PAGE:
Spanish exploits in the New World whetted the appetite of other would-be imperial powers, including France. Like Spain, France was a Catholic nation and committed to expanding Catholicism around the globe. In the early sixteenth century, it joined the race to explore the New World and exploit the resources of the Western Hemisphere. Navigator Jacques Cartier claimed northern North America for France, naming the area New France. From 1534 to 1541, he made three voyages of discovery on the Gulf of St. Lawrence and the St. Lawrence River. Like other explorers, Cartier made exaggerated claims of mineral wealth in America, but he was unable to send great riches back to France. Due to resistance from the native peoples as well as his own lack of planning, he could not establish a permanent settlement in North America.
Explorer Samuel de Champlain occupies a special place in the history of the Atlantic World for his role in establishing the French presence in the New World. Champlain explored the Caribbean in 1601 and then the coast of New England in 1603 before traveling farther north. In 1608 he founded Quebec, and he made numerous Atlantic crossings as he worked tirelessly to promote New France. Unlike other imperial powers, France—through Champlain’s efforts—fostered especially good relationships with native peoples, paving the way for French exploration further into the continent: around the Great Lakes, around Hudson Bay, and eventually to the Mississippi. Champlain made an alliance with the Huron confederacy and the Algonquins and agreed to fight with them against their enemy, the Iroquois (Figure).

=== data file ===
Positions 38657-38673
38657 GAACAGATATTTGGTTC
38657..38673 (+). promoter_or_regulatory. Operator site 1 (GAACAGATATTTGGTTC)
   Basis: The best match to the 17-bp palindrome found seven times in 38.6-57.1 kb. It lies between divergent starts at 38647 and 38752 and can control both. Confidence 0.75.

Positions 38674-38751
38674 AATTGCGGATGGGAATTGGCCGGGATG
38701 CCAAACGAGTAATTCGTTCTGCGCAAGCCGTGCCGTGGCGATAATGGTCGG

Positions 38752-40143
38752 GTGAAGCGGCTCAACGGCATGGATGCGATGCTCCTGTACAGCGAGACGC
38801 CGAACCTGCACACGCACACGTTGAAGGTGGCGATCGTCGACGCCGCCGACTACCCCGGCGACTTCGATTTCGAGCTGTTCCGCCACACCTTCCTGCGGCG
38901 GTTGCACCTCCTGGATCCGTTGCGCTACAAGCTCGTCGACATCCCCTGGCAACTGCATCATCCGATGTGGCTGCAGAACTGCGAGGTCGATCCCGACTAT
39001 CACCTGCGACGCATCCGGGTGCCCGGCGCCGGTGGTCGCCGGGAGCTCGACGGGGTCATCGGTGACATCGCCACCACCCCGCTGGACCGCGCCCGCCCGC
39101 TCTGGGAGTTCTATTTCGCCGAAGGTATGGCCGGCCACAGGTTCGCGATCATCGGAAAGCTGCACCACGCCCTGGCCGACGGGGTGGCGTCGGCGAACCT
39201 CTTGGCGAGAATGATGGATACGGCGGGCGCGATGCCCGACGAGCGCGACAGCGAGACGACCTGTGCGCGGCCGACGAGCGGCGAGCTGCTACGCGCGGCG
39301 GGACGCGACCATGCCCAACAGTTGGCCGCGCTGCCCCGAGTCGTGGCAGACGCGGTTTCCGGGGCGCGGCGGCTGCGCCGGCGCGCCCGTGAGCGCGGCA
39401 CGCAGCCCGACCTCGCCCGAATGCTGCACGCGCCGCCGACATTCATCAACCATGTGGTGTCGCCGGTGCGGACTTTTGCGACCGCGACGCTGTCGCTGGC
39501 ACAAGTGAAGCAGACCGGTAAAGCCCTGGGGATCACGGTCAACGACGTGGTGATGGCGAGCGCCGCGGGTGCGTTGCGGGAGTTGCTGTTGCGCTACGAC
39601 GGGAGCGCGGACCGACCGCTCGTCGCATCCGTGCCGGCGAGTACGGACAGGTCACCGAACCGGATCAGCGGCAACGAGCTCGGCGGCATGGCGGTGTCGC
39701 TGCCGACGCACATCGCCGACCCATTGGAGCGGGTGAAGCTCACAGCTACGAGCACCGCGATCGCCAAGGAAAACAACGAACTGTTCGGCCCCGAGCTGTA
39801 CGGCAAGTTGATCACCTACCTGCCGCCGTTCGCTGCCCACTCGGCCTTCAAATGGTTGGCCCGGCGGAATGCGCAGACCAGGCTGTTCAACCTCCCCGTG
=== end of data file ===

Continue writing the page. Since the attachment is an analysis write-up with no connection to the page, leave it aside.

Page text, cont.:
The French were primarily interested in establishing commercially viable colonial outposts, and to that end, they created extensive trading networks in New France. These networks relied on native hunters to harvest furs, especially beaver pelts, and to exchange these items for French glass beads and other trade goods. (French fashion at the time favored broad-brimmed hats trimmed in beaver fur, so French traders had a ready market for their North American goods.) The French also dreamed of replicating the wealth of Spain by colonizing the tropical zones. After Spanish control of the Caribbean began to weaken, the French turned their attention to small islands in the West Indies, and by 1635 they had colonized two, Guadeloupe and Martinique. Though it lagged far behind Spain, France now boasted its own West Indian colonies. Both islands became lucrative sugar plantation sites that turned a profit for French planters by relying on African slave labor.
To see how cartographers throughout history documented the exploration of the Atlantic World, browse the hundreds of digitized historical maps that make up the collection American Shores: Maps of the Middle Atlantic Region to 1850 at the New York Public Library.